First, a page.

Abraham "Bram" Stoker (November 8, 1847 – April 20, 1912) was an Irish novelist and short story writer, best known today for his 1897 Gothic novel Dracula. During his lifetime, he was better known as personal assistant of actor Henry Irving and business manager of the Lyceum Theatre in London, which Irving owned.

Jane Shore: Mirror

Jane Shore, Halloween poem, Vampire poetry, Vampire poems, Dark Poems, Dark Poetry, Gothic poetry, Goth poetry, Horror poetry, Horror poems

You can’t step twice into the same mirror,
said Heraclitus, of the river’s mirror.

A vessel holding water was the first mirror.
A mirror held to nostrils, life’s last mirror.

“Who is fairest?” the queen asked her mirror.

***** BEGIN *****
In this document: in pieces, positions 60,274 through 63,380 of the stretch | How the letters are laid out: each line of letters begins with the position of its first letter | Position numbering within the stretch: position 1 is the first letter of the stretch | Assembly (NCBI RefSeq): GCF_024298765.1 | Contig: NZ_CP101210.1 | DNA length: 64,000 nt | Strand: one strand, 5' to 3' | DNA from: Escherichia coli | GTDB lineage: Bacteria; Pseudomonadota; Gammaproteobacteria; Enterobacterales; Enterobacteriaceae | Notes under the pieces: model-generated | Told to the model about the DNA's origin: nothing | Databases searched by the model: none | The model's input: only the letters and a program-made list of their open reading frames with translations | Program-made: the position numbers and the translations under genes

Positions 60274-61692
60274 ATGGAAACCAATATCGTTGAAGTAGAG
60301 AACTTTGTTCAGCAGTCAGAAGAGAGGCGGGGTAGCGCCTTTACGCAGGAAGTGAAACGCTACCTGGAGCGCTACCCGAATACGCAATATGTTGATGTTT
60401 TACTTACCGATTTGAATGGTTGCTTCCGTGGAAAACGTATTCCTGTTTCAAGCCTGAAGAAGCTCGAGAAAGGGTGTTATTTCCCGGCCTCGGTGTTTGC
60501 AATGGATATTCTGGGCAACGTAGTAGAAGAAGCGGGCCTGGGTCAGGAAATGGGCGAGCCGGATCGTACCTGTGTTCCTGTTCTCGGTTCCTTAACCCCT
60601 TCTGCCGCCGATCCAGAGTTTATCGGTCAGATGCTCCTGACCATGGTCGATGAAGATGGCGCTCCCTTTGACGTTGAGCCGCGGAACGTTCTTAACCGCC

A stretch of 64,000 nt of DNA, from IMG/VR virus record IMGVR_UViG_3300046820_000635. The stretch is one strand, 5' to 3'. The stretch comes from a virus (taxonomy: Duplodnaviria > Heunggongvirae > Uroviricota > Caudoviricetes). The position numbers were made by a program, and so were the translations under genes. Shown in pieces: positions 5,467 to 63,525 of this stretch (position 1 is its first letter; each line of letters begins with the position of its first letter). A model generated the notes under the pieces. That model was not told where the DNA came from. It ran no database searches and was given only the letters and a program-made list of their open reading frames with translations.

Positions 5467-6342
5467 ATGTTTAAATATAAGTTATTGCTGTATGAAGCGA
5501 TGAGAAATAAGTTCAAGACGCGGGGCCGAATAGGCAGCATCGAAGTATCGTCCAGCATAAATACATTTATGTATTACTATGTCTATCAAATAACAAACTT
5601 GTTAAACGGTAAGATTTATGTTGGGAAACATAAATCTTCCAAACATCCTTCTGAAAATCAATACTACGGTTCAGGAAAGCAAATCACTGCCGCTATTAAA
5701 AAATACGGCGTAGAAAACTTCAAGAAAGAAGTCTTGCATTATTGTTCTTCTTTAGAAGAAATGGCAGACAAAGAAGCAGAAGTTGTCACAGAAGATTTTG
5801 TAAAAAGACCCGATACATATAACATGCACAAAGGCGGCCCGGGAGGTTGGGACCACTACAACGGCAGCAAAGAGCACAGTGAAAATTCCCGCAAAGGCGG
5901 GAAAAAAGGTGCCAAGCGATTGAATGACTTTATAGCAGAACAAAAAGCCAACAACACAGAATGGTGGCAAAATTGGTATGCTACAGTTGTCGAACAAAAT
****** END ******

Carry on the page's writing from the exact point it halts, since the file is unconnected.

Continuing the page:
A vampire has no reflection in a mirror.

Those backward letters without a mirror
spell AMBULANCE in your rear-view mirror.

After Mom died, I covered all the mirrors
with cloth, sat seven days without mirrors.

Staring at myself staring in my mirror,
“I” became the “other” in the mirror.

Watching themselves making love in the mirror,
they were aroused by the couple in the mirror.

The amputee stood at an angle that mirrored
his phantom limb, now visible, mirrored.

In the Arnolfini Wedding Portrait’s mirror,
its painter is a figure in that convex mirror.

A palindrome is another kind of mirror
like the couplets in a ghazal’s mirror.

Her beloved’s eyes were her only mirror.
Seven bad years when he broke a mirror. 

I avoid, when I can, cruel three-way mirrors.
“Mute surfaces,” Borges called mirrors.  

As Vanity combs her long hair in the mirror,
an old bald skull awaits in the mirror. 

Standing between two facing mirrors,
I shrank down a long hallway of mirrors. 

Which Jane are you? I asked my mirror.
My mirror answered, Ask another mirror.

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